Last week, I did what I occasionally have done before, and posted an unsolicited opinion on this blog. It happened to concern contraception. It might best be described as primal scream of frustration over the current political climate in my beloved home country and adopted home state.
It was just one of those days.
Generally, my posts are viewed by friends, family, and others in the Foreign Service community. A popular post might get 150 views, total, and a few comments, mostly from other FS bloggers.
Well, ladies and gentlemen, last week I learned what it means to “go viral.” I hit the Publish button and WHOOSH! That one post registered over a thousand views in the first 24 hours. It has continued to get a several hundred views per day, nearly all through Facebook shares.
So, that’s how social media works! It was a fascinating (and slightly freaky) thing to watch. Of course, I wouldn’t have a blog if I didn’t want people to read it. I just wasn’t expecting them all to read it this week, lol.
There were a lot of comments on the post. Mostly positive, but a few negative.
One woman described herself as a grandmother from “the original bra-burner, pre Roe vs. Wade, pre oral contraceptive era” and not only on the same page as myself but “completely beside” herself with anger.
Another was highly critical and quoted my post extensively on her own blog, on which she describes herself as “a repentant religious feminist who now embraces the beauty, wisdom and gift of women as women embracing who God created us to be.”
I have some more thoughts on the whole contraceptive/women’s health issue that I will share in follow-up post in a few days. But I thought I’d post now about what I’ve learned in the last week.
First: if you want attention, write about something that affects everyone.
Corollary: if you do write about something that affects everyone, expect to get attention! That may include being quoted, linked to, or “reblogged.” Let’s face it: once it’s out there, it’s out there. So, be sure you are comfortable with that (I am).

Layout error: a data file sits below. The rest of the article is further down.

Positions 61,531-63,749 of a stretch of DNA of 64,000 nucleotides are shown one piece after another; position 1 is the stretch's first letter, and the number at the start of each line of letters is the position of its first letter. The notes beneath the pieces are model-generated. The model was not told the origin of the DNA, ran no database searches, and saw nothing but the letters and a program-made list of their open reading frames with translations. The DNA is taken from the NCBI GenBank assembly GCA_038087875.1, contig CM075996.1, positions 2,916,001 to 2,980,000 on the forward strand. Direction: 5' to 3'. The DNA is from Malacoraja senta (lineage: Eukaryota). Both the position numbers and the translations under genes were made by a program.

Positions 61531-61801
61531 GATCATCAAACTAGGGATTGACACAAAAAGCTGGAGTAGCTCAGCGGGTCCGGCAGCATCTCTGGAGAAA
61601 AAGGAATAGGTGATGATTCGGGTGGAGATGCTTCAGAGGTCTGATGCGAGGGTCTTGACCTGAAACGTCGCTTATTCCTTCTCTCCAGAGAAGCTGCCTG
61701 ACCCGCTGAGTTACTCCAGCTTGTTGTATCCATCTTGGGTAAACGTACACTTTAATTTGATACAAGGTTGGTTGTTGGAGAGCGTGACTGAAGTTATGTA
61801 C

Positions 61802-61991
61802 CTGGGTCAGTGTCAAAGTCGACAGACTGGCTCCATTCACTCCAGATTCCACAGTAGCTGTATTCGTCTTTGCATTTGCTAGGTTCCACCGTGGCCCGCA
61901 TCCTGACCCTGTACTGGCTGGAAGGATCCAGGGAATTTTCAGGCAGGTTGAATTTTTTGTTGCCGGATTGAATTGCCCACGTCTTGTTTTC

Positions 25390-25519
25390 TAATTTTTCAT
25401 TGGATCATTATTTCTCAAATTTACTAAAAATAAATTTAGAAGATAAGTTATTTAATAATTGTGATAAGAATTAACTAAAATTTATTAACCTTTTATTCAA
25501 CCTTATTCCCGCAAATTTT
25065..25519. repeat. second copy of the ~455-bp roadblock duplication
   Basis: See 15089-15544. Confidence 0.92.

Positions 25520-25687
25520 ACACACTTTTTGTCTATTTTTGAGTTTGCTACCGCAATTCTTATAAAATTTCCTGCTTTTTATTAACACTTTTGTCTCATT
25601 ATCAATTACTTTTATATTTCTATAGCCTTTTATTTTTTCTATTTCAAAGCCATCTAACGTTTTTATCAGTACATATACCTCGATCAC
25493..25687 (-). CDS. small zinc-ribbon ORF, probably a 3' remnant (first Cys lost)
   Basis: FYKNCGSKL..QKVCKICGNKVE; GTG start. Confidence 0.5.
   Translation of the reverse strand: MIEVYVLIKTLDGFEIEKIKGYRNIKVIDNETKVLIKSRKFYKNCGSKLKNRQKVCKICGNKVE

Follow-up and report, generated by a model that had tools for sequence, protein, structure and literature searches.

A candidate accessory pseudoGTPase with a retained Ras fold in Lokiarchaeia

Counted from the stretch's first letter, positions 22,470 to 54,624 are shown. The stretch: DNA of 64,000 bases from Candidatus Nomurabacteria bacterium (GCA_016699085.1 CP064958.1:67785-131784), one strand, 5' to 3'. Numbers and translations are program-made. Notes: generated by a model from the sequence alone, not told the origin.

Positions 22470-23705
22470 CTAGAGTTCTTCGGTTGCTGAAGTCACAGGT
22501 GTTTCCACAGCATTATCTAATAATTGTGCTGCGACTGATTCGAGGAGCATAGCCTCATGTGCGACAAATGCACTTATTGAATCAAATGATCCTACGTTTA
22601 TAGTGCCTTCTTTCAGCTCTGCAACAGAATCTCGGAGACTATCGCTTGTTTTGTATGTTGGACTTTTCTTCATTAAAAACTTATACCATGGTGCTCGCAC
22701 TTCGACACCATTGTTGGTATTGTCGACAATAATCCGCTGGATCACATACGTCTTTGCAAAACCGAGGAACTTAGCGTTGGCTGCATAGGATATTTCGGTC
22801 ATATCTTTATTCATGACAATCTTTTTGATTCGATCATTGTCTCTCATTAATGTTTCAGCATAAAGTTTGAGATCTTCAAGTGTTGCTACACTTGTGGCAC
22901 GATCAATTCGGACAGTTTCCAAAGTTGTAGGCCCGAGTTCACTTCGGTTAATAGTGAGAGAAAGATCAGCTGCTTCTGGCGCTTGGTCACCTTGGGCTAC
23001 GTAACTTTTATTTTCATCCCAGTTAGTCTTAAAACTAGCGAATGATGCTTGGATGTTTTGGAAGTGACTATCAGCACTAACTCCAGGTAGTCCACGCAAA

Since you never know which post will get widespread attention, consider each and every one to be “public.” So, it’s been said before, but respect privacy.
Of course, that has to be balanced with the fact that we’ve all known so many people in so many countries, and we can’t necessarily go back, find a person we knew twenty years ago on the other side of the world, and get them to sign a release.
My post originally named the Zambian woman that I discussed. A commenter was critical of that, and rightfully so. Of course, I wasn’t expecting thousands of people to read about her! I changed “Beatrice’s” name to an alias, and will be careful to use aliases in the future, when I mention people I have known in our years overseas.
That’s the balance I’ve now settled on between respecting privacy and being able to write about what is, after all, the story of my life. Lesson learned.
Write from your own experience, but also write to a wider audience. Step back and consider whether your meaning will be clear to someone who doesn’t know the Foreign Service lingo or culture. Spell out acronyms, for example. Be specific. Confusion is never a good thing.
Which leads to my next point: always be very, very clear that you are writing in a personal, unofficial capacity. And remember that most people read fast and don’t always see the fine print!
I was startled by a comment on my post which indicated that the commenter thought I was discussing foreign policy, and/or was a Foreign Service officer. I thought I had made that clear with the disclaimer in the footer on every page of my blog, by the Who Am I page, and by the first few sentences of the post.
This had never been an issue before, because everyone who read my blog was familiar with the Foreign Service universe and understood the distinction. But, evidently, I had not made it clear enough for the general public.
Fortunately, one of the advantages of blogging is that you can change things after publication. So, I went back and made a couple of small edits to the post which made it clear BEYOND A SHADOW OF A DOUBT that this is a personal and unofficial blog by an individual who happens to be married to a Foreign Service Officer. Whew.
So, it’s been an interesting few days, and I’ve learned several things. But it’s all good.